Chang, a professor in Cell Biology & Molecular Genetics and affiliate professor of Plant Science & Landscape Architecture supported by the Maryland Agricultural Experiment Station (MAES), explains that ethylene is one of the five major plant hormones and has been studied for over a century. It is important for many processes that are vital to plant health and crop production, including fruit ripening, stress responses to flooding and drought, plant disease defenses, germination, and flowering.
"In much of the research, ACC has been used in place of ethylene, knowing that it's a precursor that plants convert into ethylene. This is because ACC is easy to work with in powder form and can even be sprayed on the plant, but working with ethylene is very difficult because it is a gas. So researchers have used ACC for decades in place of ethylene, and the literature would interpret the observed responses as ethylene responses. What our paper shows is that an ACC response is not necessarily an ethylene response. While ethylene is an important plant hormone with its own set of functions, some of these responses that have been attributed to ethylene through ACC may actually be separate ACC responses, acting as a growth regulator or hormone itself."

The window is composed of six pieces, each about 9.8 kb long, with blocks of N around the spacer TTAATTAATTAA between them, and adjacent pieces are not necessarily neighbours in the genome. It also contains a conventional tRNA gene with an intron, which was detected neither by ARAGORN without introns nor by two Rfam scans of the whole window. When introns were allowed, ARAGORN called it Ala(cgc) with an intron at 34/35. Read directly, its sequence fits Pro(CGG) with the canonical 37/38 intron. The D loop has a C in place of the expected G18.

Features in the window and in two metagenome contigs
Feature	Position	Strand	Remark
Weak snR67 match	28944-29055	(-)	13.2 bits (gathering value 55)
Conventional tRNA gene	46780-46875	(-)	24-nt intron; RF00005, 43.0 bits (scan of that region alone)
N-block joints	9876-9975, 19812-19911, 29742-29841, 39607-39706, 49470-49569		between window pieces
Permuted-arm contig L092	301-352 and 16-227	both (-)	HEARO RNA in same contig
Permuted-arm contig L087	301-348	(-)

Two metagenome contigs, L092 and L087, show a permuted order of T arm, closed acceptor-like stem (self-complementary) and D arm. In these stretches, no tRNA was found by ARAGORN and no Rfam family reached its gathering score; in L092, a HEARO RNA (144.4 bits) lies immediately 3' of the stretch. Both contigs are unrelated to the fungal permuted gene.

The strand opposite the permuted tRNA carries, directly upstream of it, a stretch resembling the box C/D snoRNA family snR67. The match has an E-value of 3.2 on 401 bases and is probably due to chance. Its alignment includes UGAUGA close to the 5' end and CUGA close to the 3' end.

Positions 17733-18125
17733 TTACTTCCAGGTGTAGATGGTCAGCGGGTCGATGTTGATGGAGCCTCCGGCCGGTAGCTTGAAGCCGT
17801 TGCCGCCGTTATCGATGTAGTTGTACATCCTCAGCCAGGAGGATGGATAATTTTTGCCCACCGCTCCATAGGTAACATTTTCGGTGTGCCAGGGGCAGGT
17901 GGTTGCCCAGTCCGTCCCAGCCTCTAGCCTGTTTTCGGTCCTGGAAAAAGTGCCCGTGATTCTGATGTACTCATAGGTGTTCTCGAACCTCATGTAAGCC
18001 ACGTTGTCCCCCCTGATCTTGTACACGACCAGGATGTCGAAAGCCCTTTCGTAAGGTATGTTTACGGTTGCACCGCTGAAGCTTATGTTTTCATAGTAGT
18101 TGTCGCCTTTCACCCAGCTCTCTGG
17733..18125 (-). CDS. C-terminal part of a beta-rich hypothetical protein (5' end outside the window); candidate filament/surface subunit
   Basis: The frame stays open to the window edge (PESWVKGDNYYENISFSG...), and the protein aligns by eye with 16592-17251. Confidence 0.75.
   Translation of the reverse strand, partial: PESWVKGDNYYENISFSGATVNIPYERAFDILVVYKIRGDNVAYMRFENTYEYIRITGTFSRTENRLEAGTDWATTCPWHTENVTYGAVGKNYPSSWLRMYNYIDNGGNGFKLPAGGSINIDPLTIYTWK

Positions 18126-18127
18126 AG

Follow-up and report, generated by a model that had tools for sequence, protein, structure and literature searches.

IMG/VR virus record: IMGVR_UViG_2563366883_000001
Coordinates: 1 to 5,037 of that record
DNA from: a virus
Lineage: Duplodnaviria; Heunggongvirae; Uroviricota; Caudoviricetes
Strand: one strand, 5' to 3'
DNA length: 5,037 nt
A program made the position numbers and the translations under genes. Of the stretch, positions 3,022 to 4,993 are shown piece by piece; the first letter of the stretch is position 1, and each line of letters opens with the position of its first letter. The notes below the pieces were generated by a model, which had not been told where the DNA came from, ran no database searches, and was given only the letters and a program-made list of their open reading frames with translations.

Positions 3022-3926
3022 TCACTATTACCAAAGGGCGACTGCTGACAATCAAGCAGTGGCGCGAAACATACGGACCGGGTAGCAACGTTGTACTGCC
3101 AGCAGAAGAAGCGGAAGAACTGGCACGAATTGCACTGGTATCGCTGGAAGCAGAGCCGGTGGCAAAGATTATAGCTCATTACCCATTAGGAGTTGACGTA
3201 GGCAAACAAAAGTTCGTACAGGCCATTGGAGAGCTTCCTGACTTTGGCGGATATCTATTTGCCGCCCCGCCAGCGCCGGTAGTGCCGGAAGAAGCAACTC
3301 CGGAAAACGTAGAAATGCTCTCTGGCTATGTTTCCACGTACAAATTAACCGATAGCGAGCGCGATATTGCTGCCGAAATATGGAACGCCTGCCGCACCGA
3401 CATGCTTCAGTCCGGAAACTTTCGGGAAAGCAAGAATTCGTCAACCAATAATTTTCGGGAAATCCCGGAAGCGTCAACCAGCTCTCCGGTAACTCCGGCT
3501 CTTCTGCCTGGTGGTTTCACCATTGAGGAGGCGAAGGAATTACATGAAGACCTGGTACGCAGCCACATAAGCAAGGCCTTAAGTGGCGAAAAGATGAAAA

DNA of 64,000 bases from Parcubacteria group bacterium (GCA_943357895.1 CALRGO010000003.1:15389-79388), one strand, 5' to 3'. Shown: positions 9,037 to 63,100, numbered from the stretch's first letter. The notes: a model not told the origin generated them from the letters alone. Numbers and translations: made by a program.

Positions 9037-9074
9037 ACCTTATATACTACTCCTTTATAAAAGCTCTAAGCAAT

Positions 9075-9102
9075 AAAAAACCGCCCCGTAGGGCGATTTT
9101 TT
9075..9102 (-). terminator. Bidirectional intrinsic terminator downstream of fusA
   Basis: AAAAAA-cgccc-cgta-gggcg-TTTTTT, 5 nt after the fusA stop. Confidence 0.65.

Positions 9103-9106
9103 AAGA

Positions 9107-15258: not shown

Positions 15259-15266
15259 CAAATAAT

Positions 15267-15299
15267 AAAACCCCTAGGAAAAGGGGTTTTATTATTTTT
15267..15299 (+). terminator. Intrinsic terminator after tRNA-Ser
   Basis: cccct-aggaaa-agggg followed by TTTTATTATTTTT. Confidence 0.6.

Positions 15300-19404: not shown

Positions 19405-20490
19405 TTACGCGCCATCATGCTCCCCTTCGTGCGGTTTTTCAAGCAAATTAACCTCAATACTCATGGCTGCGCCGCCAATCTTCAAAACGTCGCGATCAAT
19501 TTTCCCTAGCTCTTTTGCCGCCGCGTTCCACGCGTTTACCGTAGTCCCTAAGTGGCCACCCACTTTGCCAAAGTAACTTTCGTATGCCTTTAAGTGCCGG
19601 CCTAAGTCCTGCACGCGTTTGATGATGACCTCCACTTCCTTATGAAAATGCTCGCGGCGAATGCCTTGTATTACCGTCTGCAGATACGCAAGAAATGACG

This finding opens the door for many papers across decades of research, as well as textbooks and future education on plant hormone responses, to be revised in the event that ACC is actually triggering important plant processes previously attributed to ethylene.